In addition, childhood anxiety and depression sometimes go unnoticed because troubled kids tend to internalize their symptoms, Shaw said. Kids with mood disorders keep to themselves, tend to be quiet and are rarely disruptive, he said.
"They often do very well academically so teachers tend to overlook them," Shaw said.
Remedying the situation, Benson and Shaw said, starts with the parents.
Parents should keep in mind that family history plays a big part in mood disorders, Shaw explained. A child with one parent who has had a major depressive disorder has a 25 percent chance of having the mood disorder themselves, he said. If both parents have had depression or anxiety, their child's chances go up to as high as 50 percent.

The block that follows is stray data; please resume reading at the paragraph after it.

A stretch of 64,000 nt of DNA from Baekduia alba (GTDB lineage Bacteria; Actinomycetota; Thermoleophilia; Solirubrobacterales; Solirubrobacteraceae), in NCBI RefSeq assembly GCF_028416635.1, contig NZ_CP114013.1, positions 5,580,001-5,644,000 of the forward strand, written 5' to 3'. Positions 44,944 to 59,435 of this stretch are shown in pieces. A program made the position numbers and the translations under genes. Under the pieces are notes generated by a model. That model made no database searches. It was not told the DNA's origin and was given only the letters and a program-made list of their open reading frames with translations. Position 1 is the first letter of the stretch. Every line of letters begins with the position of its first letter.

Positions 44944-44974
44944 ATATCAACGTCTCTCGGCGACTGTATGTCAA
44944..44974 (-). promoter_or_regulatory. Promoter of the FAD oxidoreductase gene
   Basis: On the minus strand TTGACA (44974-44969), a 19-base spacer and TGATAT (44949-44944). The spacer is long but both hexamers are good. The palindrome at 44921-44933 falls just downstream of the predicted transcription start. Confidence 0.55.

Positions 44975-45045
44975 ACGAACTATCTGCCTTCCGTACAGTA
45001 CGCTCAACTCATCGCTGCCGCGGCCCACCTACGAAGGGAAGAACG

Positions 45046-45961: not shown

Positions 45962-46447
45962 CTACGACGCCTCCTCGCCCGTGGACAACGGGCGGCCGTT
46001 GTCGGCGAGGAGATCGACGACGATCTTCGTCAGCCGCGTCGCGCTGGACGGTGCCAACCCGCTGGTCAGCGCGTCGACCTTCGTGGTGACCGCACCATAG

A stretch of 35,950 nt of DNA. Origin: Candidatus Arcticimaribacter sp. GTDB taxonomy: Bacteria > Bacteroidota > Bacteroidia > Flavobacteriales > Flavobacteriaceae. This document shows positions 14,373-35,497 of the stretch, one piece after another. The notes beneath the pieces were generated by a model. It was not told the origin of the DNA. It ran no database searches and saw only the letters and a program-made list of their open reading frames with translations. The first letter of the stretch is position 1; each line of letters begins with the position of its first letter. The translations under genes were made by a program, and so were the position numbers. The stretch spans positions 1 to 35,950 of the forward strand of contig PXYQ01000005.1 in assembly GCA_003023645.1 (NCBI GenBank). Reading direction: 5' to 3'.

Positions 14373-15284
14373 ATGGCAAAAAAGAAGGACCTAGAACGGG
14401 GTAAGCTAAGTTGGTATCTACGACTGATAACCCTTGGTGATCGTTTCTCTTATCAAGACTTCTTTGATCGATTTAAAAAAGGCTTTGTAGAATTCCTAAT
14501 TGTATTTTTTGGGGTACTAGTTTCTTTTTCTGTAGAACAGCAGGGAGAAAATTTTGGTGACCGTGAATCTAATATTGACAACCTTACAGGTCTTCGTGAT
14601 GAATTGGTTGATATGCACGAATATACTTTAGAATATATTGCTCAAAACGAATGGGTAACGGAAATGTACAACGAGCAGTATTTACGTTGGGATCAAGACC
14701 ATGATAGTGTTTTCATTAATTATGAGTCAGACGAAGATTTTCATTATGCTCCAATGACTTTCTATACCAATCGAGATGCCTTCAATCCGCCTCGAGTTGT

That means, Benson said, that children from a family with a history of mood disorders should be watched closely for signs of depression or anxiety.
"If I know my child may have inherited this condition, I can be watching and picking up on symptoms earlier," he said. "If parents are watching for it and catching it early, then our treatments are going to be more effective."
Benson also recommended training daycare and preschool instructors to better detect signs of mood disorders. Teachers at the elementary, middle school and high school levels generally receive this type of training in college education courses, but daycare instructors often have not taken those classes, he said.
"I have children who have been expelled from two or three daycares because their behavior's so awful, and the teachers there want to say this is a bad kid rather than seeing this as an illness that needs treatment," Benson said.
Signs of depression in children and teens vary by age, but according to the American Academy of Family Physicians, in general they
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